The Author’s Corner with Marie Dallam

51+rCcs4muL._SX327_BO1,204,203,200_Marie Dallam is Associate Professor of Religious Studies at the University of Oklahoma Honors College. This interview is based on her new book, Cowboy Christians (Oxford University Press, 2018).

JF: What led you to write Cowboy Christians?

MD: When I first I moved to Oklahoma to teach at the university, I saw an ad in the paper for “cowboy church.” I could not imagine what that was, or what it meant, and in pursuit of an answer I realized that no one had done any academic work on it. So, the project just kind-of presented itself to me. The more I delved into cowboy church, the more the project expanded, so ultimately the book is as much about religious history among cowboy culture people as it is about the present-day cowboy church movement. The project also became a great way for me to learn about this region of the country, by driving all over Oklahoma and Texas and meeting people from communities who I would not normally encounter.

JF: In 2 sentences, what is the argument of Cowboy Christians?

MD: Cowboy church is a noteworthy revival movement within American evangelicalism today. By considering aspects of its impetus, structure, atmosphere, and development, I am able to contextualize it in relation to other significant religious forms of both the past and present, including muscular Christianity, the Jesus movement, new paradigm churches, and new religious movements.

JF: Why do we need to read Cowboy Christians?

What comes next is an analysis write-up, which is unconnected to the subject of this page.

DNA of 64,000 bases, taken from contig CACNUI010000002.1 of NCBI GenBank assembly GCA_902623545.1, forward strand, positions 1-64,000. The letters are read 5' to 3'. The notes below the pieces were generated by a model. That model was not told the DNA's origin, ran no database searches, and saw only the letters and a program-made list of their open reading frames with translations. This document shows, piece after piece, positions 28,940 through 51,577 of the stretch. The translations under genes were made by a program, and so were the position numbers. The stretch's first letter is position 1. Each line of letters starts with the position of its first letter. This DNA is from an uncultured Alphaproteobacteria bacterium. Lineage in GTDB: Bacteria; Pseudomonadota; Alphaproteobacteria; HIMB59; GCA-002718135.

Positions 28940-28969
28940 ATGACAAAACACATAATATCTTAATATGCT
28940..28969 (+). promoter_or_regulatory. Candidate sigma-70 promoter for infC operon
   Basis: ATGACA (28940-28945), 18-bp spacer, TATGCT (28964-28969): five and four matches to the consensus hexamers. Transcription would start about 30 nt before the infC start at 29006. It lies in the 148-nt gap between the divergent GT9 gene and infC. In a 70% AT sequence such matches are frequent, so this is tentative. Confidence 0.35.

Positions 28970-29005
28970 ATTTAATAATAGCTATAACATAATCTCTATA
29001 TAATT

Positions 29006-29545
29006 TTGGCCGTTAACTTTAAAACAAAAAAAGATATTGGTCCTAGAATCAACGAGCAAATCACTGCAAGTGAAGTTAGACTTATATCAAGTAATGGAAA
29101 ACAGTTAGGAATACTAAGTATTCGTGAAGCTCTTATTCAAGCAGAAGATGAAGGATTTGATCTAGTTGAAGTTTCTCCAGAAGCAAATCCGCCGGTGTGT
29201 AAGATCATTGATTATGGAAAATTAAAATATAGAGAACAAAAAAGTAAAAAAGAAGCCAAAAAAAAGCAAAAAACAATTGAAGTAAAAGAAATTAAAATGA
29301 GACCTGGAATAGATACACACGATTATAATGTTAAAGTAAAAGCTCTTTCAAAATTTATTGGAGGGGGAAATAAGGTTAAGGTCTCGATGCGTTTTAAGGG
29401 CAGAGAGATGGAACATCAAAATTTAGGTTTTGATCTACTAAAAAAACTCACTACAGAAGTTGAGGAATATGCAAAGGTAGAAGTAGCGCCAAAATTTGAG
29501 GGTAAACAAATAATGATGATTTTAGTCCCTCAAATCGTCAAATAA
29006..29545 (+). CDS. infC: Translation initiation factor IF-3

MD: American evangelicalism is particularly good at reinventing itself, and exploring its many twists and turns helps us to understand larger patterns of theological and institutional religious development in the United States. The cowboy church movement is one such twist, but until now it has largely flown under the radar of critical study. In addition to history and analysis, I include a number of stories about my experiences of attending and meeting people at cowboy Christian events, which makes the book a more engaging and personal read.

JF: When and why did you decide to become an American historian? (Of if you are not an American history, how did you get interested in the study of the past?)

MD: I am a historian of American religion. I’m particularly fascinated by alternative forms of religious belief and practice, especially groups that have been socially marginalized. When we—as a society, and/or as scholars—overlook these kinds of communities, it curtails our ability to truly understand the development of religion in the United States. So my goal as a historian is to preserve the record of religious minorities of all sorts.